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Music and Mental Health
Music is a very powerful tool. It can take someone back to an exact moment in their life, can give an individual the motivation to finish the last mile of the 5K they’re running, or calm someone down when they are facing a large amount of stress. The list goes on and on as to what all music can do. There are also numerous benefits as to what music can do mentally for individuals.
Music has the power to help improve cognitive performance. One way this can be done is by listening to music while completing a task. Research shows that music, specifically classical music, increases focus. So, if someone is attempting to get something done it might be beneficial for them to turn on some background music. Music also can help reduce stress. For many people, music is a way they can cope with stressful situations. It depends on each person, but for some people by either playing music or simply listening to music they have reported having lower stress levels. Music can also improve an individual’s mood overall. Research has shown that people who listen to music are able to have a better mood and become more self-aware.
Alongside all these positive effects, music also has the potential to reduce the symptoms of depression and anxiety. One way this can be done is through music therapy. There are different interventions which are involved with music therapy, but they all serve as a venue to express emotions and grief. If an individual does music therapy, it is going to vary from person to person as to which one works for them, just like in regular therapy. The four most commonly known interventions are: lyric analysis, improvisation music playing, active music listening, and songwriting. In each of these, individuals can use music as a soothing and/or regulating tool to help with a variety of mental illnesses.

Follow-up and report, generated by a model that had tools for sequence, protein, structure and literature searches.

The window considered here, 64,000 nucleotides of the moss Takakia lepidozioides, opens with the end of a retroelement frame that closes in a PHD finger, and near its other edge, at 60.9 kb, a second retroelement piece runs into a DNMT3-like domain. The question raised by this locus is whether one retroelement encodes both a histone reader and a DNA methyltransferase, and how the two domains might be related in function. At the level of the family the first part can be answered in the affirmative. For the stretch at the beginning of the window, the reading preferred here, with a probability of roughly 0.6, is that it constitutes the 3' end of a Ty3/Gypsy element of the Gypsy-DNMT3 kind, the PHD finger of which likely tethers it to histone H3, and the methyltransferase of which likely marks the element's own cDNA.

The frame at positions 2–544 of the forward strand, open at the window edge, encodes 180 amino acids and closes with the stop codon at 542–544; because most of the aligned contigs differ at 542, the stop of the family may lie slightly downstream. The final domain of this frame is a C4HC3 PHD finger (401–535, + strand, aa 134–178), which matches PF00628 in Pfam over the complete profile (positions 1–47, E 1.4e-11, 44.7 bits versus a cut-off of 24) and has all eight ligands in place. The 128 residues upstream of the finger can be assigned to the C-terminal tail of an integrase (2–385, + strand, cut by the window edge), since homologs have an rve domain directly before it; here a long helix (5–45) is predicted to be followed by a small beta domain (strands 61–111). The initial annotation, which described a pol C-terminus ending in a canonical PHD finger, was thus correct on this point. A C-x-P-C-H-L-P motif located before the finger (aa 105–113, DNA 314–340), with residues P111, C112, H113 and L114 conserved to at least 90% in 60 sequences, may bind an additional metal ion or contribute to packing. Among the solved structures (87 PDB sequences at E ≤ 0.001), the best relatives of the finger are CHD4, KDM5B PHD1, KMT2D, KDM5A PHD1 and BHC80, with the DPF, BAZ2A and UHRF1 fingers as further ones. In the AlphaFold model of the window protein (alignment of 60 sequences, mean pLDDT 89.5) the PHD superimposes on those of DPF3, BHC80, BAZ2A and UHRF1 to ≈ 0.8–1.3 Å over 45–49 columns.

Whether used in therapy or in everyday life, music can serve as a positive and powerful tool for the benefit of everyone’s mental health.
Katie Zimmerman, Project Coordinator for The Kim Foundation
Katie Zimmerman joined The Kim Foundation in June 2019. She earned her Bachelor’s Degree in Communication Studies and Sociology from Central College in Pella, Iowa. During her time in college, she volunteered at many non-profits organizations and took multiple sociology classes which focused on mental health. Katie’s role at The Kim Foundation includes running the social media accounts, assisting in the Youth Advisory Council, and providing mental health awareness and education to the community through A Voice for Hope and Healing presentations.